Can studying science help win a TV reality show competition? Just ask Ian Terry. We did.
Ian Terry spent last summer being watched by millions on TV; that was enough to put him on our list of notable scientists even though he’s not quite finished with school.
Big Brother, a worldwide phenomenon, and a staple of summer television on CBS for more than a decade, will premiere June 26, its 15th season. So, now is a good time to catch up with Ian Terry, last year’s surprise winner of the show.
Ian turned out to be a great competitor (after a rough start), and it was fun to watch him out-maneuver and outsmart his fellow “house guests” – but what really makes Ian a standout , from our perspective, is that he’ll soon be graduating from college with a degree in chemical engineering. Marking him one as of the few scientists or engineers to venture anywhere close to a reality TV show, much less actually end up the victor. Hopefully, his success will inspire other scientists and engineers to take a break from their labs to venture into the surreal world of reality television. Great advancements or discoveries are unlikely to take place with a dozen cameras tracking your every move, but showing TV viewers that you’re just as cool as anyone else in the game has its benefits.
Ian says he not yet done with being on TV. He’d love to compete on The Amazing Race. But he needs a “good partner.” A team with a scientist or engineer would make for some great television. Any takers?
The Exchange: Where are you in school these days? Have you graduated? What comes next for you?
Ian Terry: I’m currently finishing up my undergraduate studies in chemical engineering at Tulane University. I plan on graduating within the next year. Hopefully I’ll go to graduate school or start working in the industry after graduating.
How did you get interested in science? When did you know that you wanted to study chemical engineering?
I got interested in science when I was about six years old. I was always fascinated with astronomy as a kid. I decided to study chemical engineering when I was in high school, because I liked chemistry and heard the job market for chemical engineering was good.
Tell us about your early relationship with Big Brother, before you were selected to be on the show. You were an avid fan. What made this particular show so intriguing for you?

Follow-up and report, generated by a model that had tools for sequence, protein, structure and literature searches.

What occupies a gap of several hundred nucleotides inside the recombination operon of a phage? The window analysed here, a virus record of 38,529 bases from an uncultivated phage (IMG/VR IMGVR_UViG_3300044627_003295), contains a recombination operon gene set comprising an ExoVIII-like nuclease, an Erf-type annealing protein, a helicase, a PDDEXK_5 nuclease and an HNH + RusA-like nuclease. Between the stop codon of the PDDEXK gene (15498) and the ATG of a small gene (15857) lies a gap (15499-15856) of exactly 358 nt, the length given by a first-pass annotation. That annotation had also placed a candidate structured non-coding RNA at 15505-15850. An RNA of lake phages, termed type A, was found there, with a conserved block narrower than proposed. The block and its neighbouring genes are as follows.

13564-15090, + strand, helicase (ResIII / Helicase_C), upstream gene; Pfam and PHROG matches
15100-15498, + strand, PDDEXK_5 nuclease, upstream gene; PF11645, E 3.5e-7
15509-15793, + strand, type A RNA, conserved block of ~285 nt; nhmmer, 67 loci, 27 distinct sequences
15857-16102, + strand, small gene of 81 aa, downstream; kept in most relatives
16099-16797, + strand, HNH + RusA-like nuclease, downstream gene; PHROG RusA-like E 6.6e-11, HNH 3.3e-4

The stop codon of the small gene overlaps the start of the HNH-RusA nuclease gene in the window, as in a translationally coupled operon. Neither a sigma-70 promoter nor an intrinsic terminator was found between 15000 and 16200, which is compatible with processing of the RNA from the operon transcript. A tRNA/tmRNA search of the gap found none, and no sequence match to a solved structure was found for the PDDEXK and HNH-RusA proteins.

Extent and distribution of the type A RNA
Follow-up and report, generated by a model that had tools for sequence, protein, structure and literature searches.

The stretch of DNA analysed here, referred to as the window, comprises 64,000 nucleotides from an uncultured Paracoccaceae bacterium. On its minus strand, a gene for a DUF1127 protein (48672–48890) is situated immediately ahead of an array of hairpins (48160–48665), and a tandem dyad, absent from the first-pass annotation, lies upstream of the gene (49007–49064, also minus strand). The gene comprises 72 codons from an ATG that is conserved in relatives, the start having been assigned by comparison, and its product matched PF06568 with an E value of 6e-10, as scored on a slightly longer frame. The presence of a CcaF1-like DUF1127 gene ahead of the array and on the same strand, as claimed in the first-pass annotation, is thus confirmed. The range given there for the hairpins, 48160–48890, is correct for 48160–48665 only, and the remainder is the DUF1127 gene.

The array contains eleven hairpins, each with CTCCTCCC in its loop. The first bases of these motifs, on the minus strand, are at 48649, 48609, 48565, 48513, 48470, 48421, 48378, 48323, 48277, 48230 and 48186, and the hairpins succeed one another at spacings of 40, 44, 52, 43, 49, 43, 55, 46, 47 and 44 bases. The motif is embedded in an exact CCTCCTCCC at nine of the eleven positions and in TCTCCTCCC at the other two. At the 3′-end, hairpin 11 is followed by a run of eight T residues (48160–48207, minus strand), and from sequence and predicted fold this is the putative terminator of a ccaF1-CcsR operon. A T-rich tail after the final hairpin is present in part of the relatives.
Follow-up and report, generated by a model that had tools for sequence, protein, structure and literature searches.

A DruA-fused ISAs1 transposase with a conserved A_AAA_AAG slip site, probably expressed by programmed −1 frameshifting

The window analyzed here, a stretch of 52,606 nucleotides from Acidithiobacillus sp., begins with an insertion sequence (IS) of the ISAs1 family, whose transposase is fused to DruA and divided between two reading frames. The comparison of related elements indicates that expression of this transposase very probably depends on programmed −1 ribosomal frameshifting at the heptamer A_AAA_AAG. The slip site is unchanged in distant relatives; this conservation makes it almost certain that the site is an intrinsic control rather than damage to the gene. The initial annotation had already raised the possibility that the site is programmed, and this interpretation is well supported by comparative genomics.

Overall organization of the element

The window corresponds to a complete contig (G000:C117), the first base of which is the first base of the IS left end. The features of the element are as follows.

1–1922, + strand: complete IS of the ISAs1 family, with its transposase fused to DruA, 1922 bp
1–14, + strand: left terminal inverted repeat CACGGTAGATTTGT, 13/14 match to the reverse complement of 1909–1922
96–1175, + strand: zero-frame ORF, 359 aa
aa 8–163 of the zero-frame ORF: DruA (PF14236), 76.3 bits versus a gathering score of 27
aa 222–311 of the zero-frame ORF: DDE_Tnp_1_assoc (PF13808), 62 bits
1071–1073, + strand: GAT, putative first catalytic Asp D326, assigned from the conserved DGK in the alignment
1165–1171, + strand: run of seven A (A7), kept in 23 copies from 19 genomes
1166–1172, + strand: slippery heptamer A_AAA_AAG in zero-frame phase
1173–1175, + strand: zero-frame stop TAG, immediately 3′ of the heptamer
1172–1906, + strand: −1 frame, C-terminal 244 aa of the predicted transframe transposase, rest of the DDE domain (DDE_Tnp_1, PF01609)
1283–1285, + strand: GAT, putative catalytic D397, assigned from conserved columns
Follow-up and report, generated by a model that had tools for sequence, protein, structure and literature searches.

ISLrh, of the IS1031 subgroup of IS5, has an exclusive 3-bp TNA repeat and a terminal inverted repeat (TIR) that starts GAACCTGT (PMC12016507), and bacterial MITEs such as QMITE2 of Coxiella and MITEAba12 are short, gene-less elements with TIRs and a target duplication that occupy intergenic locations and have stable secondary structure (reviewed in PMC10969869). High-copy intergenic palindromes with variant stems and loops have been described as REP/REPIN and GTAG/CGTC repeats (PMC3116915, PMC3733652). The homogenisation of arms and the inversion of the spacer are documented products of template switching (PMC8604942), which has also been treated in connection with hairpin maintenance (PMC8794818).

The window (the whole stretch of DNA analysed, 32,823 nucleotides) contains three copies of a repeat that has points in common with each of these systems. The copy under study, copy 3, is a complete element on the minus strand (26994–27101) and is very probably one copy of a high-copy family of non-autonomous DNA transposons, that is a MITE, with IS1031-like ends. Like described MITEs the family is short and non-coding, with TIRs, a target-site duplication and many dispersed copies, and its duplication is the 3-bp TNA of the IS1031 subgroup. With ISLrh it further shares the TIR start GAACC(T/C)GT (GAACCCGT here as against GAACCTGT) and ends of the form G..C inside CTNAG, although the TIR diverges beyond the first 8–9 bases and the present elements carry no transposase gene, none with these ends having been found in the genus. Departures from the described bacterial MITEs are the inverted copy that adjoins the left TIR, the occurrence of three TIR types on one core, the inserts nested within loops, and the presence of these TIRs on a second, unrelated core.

I’d been watching the show since I was ten years old and always found the strategy behind it fascinating. I’m a huge fan of game shows in general, but Big Brother and Survivor had the strategic aspects that made them very interesting games to watch.
Did you ever consider trying out for other reality TV competitions — Survivor – or The Amazing Race — for example?
I’d tried out for Survivor in June 2011, because the age minimum for Survivor was lower than that for Big Brother. I didn’t get called back. I guess Survivor’s loss was Big Brother’s gain.
Were you surprised to be selected? Or, did you think you had it in the bag?
It was definitely a huge shock to be selected. As I made it further and further through the casting process I was amazed at how far I was getting. I never expected to get on the show and was in disbelief once I got selected.
How would you encourage other science and/or engineering students to try out for reality shows? What advice would you give them?
It’s definitely a huge advantage being a scientist or engineer and trying out for a reality show. As one might expect, being a scientist or engineer that’s interested in going on a show like that is much more rare as some other types of applicants. We sort of “stand out from the crowd”, if you catch my drift.
Do you think your education played a role in your winning Big Brother?
I think that having a good problem-solving background like a chemical engineering education provides definitely helped me win the show.
Early on in the show, you claimed to have a great memory. You weren’t wrong. How much of an advantage did your memory give you in succeeding on the show?
Having a photographic memory was clearly my biggest asset while on the show. Towards the end, almost all of the competitions were based on information regarding events that took place throughout the season. Being able to remember the details was very helpful.
Big Brother is all about relationships with the other “house guests.” How important was it to get the other players to like you, or at least not want to vote you off the program? Was it all about strategy, or was it interpersonal skills? What did you learn about getting along with others that you can apply in your real life?
Being liked by the other houseguests is only important during the first few weeks of the game. It’s really based on strategy otherwise. I did learn some interpersonal skills to help me get along with a wider variety of people than I typically would in everyday life.
At one point in the show, you went on a “date” with another house guest. During the date, you were shown explaining to her the difference between organic and inorganic chemistry. Do you think scientists appearing on reality shows like Big Brother and other TV shows help improve public understanding and appreciation of science? And scientists?
I think scientists being on reality shows can help dispel stereotypes that scientists are boring people that aren’t extroverted at all.
What have you done with the money you won?
A large part of the prize money is for paying off my schooling. I’ve set aside some of the money for investments as well. I haven’t really spent much of the money on extravagant things.
Would you do another reality show?
I would definitely be interested in playing Big Brother again. I’d also do The Amazing Race if I could find a good partner for it.